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Gon the fox cub


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Gon the Fox Cub by Niimi Nankichi with illustrations by Kuroi Ken

What does it mean to be good?

Gon is an orphaned fox cub who likes to do all kinds of pranks. For him, a peasant fishing in the river is just a chance to play, so he steals his fish. Gon later learns that he had fished them for his sick mother. A few days later, Hyōjū's mother passes away, and a remorseful Gon seeks to make amends and help the now alone Hyōjū.

The story of Gon, the orphaned fox cub, gives rise to intense emotions in children's souls, but also to essential questions about life. How well do we understand others? How well do others understand us? Can we make mistakes without wanting to? Can we always fix our mistakes? What does it mean to be good?

I heard this story as a child, from Mohei, an old man from the village where I was born. It is said that in ancient times, on Nakayama Hill, near our village, there was a small castle, the owner of which was a nobleman of the same name. Not far from the castle, deep in the mountain, lived Gon. An orphaned fox cub, Gon spent his days alone in a den he had made among the bushy ferns in the forest. Whether it was day at noon or night, Gon used to wander around the village near the mountain and do all kinds of pranks. From the fields he would dig and take out the sweet potatoes, which he would then throw over the furrows of the earth. He would set fire to the dried canola stalks or sneak behind the houses and pull the ropes hanging from the eaves on which the peasants had strung hot peppers in the sun. After the feat, he would run off eating the ground, the ropes dangling behind him.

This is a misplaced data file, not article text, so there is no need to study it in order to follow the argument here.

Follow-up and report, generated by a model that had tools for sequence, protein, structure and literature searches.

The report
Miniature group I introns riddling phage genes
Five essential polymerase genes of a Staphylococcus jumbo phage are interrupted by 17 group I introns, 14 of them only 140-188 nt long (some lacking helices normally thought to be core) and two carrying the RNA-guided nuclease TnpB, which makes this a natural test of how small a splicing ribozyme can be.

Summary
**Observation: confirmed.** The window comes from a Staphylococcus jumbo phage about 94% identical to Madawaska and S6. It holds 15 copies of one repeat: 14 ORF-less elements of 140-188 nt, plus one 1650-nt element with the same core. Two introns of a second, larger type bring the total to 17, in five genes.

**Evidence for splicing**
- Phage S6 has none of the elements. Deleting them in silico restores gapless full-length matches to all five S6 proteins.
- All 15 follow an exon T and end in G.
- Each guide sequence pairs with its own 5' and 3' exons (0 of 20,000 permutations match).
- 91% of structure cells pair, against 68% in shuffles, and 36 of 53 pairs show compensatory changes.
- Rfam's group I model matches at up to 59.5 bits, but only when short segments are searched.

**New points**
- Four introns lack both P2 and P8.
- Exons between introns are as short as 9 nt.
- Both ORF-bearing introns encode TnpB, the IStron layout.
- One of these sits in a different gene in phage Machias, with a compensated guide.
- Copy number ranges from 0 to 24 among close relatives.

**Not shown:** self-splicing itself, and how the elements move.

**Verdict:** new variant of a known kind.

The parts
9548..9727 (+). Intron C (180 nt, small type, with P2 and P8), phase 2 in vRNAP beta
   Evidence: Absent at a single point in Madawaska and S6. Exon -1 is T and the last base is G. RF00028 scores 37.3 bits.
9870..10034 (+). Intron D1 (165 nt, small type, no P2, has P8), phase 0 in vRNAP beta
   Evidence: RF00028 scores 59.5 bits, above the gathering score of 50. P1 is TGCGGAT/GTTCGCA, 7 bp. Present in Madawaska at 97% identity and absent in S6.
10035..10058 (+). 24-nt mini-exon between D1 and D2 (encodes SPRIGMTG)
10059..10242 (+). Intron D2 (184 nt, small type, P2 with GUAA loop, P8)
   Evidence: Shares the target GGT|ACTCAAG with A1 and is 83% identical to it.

(translation from Japanese by Iolanda Prodan)

NIIMI NANKICHI (1913–1943) was one of Japan's foremost authors of children's literature. He wrote stories and short stories, poems, songs and plays, most of which were published after his untimely death from tuberculosis. For Gon, the fox cub, which he wrote when he was 18, Niimi Nankichi was inspired by an old story he heard in the village where he grew up.

Gon's story was first published in children's literature magazine Akai Tori (Red Bird) in 1932. Starting in 1956, it was included in Japanese language and literature textbooks for elementary school.

Age group: 3–9 years
24 × 28 cm/ hardcover book/ 36 pages.
ISBN: 978-606-8996-15-8/ Year of publication: 2019
Translation by: Iolanda Prodan

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